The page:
Implementing proper cybersecurity measures is a high-stakes task for any organization, and it is only that much more critical for professionals in the energy sector. Such a task may feel daunting, especially with the rapid evolution of modern smart grids. Federal powers have already acknowledged the need for increased cybersecurity intel and training in the critical infrastructure sector. By collaborating with cybersecurity experts equipped with the knowledge and actionable solutions to safeguard critical systems, stakeholders can confidently move forward, knowing that no digital stone is left unturned for potential vulnerabilities. Regular security audits and testing can help identify potential weaknesses and develop appropriate countermeasures. Collaboration between EV charging station operators, utility companies, manufacturers, and cybersecurity experts is vital to developing industry-wide security standards and sharing threat intelligence. By working together, stakeholders can better understand emerging risks, develop best practices, and ensure the entire EV ecosystem remains secure.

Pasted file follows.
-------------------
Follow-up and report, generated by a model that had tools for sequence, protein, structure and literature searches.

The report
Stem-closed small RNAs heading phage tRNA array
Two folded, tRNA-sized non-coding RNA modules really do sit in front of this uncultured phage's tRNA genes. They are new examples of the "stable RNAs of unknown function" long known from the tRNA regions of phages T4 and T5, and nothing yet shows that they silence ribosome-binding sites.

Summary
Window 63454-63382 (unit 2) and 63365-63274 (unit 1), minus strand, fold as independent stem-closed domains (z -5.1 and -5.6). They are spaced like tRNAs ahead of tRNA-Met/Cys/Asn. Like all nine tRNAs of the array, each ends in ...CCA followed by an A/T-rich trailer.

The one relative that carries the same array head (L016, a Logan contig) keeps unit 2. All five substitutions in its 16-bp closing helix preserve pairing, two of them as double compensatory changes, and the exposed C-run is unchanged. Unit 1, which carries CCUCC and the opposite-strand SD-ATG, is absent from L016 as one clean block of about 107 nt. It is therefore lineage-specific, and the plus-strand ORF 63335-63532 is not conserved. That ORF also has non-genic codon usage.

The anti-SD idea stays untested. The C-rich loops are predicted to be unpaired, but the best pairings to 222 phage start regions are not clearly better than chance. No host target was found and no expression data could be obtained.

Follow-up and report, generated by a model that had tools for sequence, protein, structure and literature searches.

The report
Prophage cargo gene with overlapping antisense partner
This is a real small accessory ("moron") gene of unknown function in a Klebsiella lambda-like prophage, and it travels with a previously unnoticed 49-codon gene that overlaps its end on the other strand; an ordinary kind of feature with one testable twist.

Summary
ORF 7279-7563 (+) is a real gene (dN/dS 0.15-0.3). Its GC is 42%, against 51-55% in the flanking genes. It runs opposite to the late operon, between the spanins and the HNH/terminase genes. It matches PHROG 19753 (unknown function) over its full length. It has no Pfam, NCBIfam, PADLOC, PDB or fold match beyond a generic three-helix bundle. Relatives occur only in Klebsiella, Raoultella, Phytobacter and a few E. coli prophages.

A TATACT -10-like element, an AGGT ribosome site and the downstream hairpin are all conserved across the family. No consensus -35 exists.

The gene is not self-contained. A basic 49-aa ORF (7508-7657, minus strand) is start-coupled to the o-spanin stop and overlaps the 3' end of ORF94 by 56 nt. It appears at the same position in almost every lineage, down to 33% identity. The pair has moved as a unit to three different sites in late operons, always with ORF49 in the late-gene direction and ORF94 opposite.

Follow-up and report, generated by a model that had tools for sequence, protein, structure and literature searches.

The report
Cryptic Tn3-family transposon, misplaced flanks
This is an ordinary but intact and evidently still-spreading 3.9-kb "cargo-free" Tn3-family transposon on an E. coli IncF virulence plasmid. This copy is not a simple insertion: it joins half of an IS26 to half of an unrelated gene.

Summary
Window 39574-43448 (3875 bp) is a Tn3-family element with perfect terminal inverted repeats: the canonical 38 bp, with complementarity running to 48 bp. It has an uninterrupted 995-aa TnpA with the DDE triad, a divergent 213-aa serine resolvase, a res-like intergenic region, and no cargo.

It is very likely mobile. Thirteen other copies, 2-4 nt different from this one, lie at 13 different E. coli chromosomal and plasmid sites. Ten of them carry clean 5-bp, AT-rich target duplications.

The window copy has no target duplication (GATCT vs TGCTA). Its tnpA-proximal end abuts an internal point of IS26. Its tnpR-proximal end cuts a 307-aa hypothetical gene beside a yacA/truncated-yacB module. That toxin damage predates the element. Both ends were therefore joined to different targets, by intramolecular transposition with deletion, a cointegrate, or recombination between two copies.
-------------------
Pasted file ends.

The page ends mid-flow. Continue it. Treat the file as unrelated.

Despite the best security measures, cyber incidents may still occur. Having a well-defined incident response plan in place can help minimize the impact of an attack and ensure timely recovery. The plan should include clear roles and responsibilities for the response team, communication protocols, and procedures for conducting post-incident analysis. Regularly reviewing and updating the plan can help ensure preparedness and effectiveness in the face of a real cyber incident.

Laying the groundwork for secure EV charging

As the EV industry continues to grow, the security of charging stations must be a top priority for all stakeholders involved. By identifying vulnerabilities, implementing strong security measures, and fostering a culture of cybersecurity awareness, we can help ensure the safe and efficient operation of EV charging stations. Collaboration among all parties and proactive incident response planning will further strengthen the industry’s resilience against cyber threats, ultimately safeguarding the EV ecosystem and its users.